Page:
Several Silicon Valley companies are already genetically altering microbes and small organisms--bugs, so to speak--so that they produce something for nothing.
The something? How about petroleum products.
The nothing? How about agricultural waste--wood chips or straw or other biomass.
The organisms eat the waste products and excrete crude oil.
“Ten years ago I could never have imagined I’d be doing this,” says Greg Pal, 33, a former software executive, as he squints into the late afternoon Californian sun. “I mean, this is essentially agriculture, right? But the people I talk to – especially the ones coming out of business school – this is the one hot area everyone wants to get into.”
This sounds far-fetched, but the bugs are producing crude right now. In about a month, the experimental microbes will have produced enough oil to fill the first gas tank with something engineers call "renewable petroleum".
Mr Pal is a senior director of LS9, one of several companies in or near Silicon Valley that have spurned traditional high-tech activities such as software and networking and embarked instead on an extraordinary race to make $140-a-barrel oil (£70) from Saudi Arabia obsolete. “All of us here – everyone in this company and in this industry, are aware of the urgency,” Mr Pal says.
What is most remarkable about what they are doing is that instead of trying to reengineer the global economy – as is required, for example, for the use of hydrogen fuel – they are trying to make a product that is interchangeable with oil. The company claims that this “Oil 2.0” will not only be renewable but also carbon negative – meaning that the carbon it emits will be less than that sucked from the atmosphere by the raw materials from which it is made.
Besides making Saudi oil a thing of the past, it will also render Al Gore's dreams of taxing the world back into the Stone Age obsolete.
Also made obsolete will be the need for heavily-subsidized ethanol, which has created food shortages in some countries and raised the price of foodstuffs in the USA, due to corn being bought up by subsidized ethanol makers. The "energy-intensive final process of distillation" used in the manufacture of ethanol is "virtually eliminated because the bugs excrete a substance that is almost pump-ready."
Crude oil is only a "few molecular stages removed from the fatty acids normally excreted by yeast or E. coli during fermentation." The microbes can feed on just about anything, "as long as it can be broken down into sugars.
LS9 has already convinced one oil industry veteran of its plan: Bob Walsh, 50, who now serves as the firm’s president after a 26-year career at Shell, most recently running European supply operations in London. “How many times in your life do you get the opportunity to grow a multi-billion-dollar company?” he asks. It is a bold statement from a man who works in a glorified cubicle in a San Francisco industrial estate for a company that describes itself as being “prerevenue”.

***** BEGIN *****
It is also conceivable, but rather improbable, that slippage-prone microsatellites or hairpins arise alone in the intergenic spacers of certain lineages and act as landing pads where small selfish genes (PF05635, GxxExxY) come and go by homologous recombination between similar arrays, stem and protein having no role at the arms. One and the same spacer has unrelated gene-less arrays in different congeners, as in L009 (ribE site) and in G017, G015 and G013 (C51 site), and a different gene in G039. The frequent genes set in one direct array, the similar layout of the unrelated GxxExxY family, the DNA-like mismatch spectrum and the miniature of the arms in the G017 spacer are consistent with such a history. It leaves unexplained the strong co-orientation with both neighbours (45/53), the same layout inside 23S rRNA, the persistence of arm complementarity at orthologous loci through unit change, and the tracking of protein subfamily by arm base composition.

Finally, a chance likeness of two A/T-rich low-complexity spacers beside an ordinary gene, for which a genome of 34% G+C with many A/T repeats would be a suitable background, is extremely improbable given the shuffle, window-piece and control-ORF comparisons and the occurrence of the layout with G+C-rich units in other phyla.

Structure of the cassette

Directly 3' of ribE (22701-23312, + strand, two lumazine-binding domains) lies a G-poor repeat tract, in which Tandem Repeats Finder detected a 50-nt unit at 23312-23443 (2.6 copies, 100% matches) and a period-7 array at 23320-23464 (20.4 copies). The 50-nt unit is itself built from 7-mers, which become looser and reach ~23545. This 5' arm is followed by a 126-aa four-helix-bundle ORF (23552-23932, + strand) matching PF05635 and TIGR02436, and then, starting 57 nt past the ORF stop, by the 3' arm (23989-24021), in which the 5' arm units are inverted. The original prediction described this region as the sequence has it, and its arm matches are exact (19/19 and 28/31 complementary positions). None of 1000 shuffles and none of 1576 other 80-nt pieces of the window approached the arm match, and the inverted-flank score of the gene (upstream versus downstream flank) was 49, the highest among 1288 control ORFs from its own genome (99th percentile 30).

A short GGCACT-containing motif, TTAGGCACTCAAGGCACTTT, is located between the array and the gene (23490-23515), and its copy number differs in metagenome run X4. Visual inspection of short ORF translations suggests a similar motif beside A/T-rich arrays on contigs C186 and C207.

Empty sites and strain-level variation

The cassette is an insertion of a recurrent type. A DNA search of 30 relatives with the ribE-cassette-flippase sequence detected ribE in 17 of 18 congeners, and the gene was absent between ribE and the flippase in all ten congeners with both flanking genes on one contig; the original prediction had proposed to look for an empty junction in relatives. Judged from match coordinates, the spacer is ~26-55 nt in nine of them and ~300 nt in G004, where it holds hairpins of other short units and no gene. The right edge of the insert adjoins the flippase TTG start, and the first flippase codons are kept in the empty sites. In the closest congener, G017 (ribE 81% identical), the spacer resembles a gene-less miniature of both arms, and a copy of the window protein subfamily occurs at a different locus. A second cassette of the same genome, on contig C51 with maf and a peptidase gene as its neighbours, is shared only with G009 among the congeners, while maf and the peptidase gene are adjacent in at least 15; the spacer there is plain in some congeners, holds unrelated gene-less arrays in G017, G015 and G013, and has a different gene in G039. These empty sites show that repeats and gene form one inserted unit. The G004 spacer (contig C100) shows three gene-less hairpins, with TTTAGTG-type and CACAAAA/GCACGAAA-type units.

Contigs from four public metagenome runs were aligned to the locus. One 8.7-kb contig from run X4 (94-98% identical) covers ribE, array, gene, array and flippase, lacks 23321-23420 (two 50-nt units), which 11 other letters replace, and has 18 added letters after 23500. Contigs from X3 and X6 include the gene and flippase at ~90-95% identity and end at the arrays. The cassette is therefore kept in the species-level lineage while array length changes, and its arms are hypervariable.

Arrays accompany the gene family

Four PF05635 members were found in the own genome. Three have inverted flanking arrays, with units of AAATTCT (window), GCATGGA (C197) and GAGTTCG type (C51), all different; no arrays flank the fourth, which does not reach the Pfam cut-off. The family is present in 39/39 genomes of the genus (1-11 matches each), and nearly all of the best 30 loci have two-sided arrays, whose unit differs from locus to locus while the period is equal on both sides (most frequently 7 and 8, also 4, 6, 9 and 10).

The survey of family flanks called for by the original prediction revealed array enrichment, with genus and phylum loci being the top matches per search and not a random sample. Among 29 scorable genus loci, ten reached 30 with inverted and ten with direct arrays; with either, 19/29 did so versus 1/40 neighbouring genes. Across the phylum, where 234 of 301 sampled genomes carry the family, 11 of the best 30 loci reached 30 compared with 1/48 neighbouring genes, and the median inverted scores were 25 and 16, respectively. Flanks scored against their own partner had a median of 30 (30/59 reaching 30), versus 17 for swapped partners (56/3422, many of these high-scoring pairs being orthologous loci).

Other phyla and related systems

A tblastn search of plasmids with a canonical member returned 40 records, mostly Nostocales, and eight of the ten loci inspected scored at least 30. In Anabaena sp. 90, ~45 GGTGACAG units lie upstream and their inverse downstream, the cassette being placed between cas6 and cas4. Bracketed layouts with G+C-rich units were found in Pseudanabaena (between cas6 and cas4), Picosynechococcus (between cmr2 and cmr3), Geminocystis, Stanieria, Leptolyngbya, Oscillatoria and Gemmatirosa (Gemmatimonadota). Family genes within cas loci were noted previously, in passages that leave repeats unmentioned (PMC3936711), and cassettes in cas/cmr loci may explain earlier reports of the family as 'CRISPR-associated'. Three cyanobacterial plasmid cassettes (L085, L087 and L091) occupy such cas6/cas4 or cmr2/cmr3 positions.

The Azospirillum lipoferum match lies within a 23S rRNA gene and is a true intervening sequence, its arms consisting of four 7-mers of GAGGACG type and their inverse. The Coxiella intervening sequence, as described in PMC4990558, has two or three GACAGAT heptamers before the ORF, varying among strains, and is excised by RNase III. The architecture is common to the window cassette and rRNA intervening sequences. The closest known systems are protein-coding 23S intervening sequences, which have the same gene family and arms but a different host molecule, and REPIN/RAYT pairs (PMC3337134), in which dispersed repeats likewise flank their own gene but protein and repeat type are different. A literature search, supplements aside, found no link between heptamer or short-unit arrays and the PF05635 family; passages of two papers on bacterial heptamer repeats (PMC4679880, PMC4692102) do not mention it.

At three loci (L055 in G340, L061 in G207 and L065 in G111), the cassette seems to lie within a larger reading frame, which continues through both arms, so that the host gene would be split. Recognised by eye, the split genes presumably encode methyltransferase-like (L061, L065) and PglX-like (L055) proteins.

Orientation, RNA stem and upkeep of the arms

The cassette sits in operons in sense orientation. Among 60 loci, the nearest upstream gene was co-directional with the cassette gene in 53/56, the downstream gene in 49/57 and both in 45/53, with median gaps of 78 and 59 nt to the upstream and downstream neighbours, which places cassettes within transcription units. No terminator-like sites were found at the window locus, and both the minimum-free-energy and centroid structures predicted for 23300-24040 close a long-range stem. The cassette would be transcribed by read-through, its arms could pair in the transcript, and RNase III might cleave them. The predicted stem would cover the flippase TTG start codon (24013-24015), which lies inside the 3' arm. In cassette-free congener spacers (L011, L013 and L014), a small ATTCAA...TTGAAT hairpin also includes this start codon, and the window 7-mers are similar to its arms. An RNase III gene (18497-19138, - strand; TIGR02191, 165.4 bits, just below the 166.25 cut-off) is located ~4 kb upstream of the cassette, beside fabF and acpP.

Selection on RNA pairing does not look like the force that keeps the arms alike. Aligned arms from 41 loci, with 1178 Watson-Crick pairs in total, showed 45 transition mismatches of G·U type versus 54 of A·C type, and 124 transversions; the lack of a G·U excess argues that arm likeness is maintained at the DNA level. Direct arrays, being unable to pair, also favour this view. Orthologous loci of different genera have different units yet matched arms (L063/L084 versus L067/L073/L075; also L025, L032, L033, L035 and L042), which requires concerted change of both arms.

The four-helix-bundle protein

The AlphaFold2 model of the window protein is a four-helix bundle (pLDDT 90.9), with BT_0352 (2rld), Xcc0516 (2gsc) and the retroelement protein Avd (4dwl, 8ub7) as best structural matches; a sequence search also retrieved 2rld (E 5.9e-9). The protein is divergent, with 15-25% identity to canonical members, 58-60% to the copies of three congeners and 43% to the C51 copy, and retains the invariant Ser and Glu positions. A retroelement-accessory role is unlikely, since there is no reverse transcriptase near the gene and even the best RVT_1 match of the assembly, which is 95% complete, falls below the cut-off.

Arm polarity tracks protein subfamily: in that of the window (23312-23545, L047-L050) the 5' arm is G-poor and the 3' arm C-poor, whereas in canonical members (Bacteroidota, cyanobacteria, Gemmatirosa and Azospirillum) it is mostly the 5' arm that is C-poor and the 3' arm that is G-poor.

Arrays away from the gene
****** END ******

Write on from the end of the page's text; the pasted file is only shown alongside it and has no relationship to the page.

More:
Inside LS9’s cluttered laboratory – funded by $20 million of start-up capital from investors including Vinod Khosla, the Indian-American entrepreneur who co-founded Sun Micro-systems – Mr Pal explains that LS9’s bugs are single-cell organisms, each a fraction of a billionth the size of an ant. They start out as industrial yeast or nonpathogenic strains of E. coli, but LS9 modifies them by custom-de-signing their DNA. “Five to seven years ago, that process would have taken months and cost hundreds of thousands of dollars,” he says. “Now it can take weeks and cost maybe $20,000.”
The company is not interested in using corn as feedstock, given the much-publicised problems created by using food crops for fuel, such as the tortilla inflation that recently caused food riots in Mexico City. Instead, different types of agricultural waste will be used according to whatever makes sense for the local climate and economy: wheat straw in California, for example, or woodchips in the South.
When will the microbe-produced oil be ready to fuel cars? Or rather, when will companies, such as LS9, be ready to mass produce "renewable petroleum"?
Right now, it looks like the start of anything resembling a large-scale project is about three years down the road.
The closest that LS9 has come to mass production is a 1,000-litre fermenting machine, which looks like a large stainless-steel jar, next to a wardrobe-sized computer connected by a tangle of cables and tubes. It has not yet been plugged in. The machine produces the equivalent of one barrel a week and takes up 40 sq ft of floor space.
However, to substitute America’s weekly oil consumption of 143 million barrels, you would need a facility that covered about 205 square miles, an area roughly the size of Chicago.
That is the main problem: although LS9 can produce its bug fuel in laboratory beakers, it has no idea whether it will be able produce the same results on a nationwide or even global scale.
“Our plan is to have a demonstration-scale plant operational by 2010 and, in parallel, we’ll be working on the design and construction of a commercial-scale facility to open in 2011,” says Mr Pal, adding that if LS9 used Brazilian sugar cane as its feedstock, its fuel would probably cost about $50 a barrel.
When oil is $50 a barrel, it isn't attractive to work on alternatives. When oil hovers around the $140-a-barrel price, alternatives suddenly become attractive.
The ultimate end result may not be exactly something for nothing--companies, such as LS9, and their investors need to be compensated for their efforts and risk--but it's close.
As long as PETA doesn't get involved, the well-fed bugs will just be happy to be there.
hat tip: Mike Renzulli, Freedom's Phoenix
* Silicon Valley is experimenting with bacteria that have been genetically altered to provide 'renewable petroleum'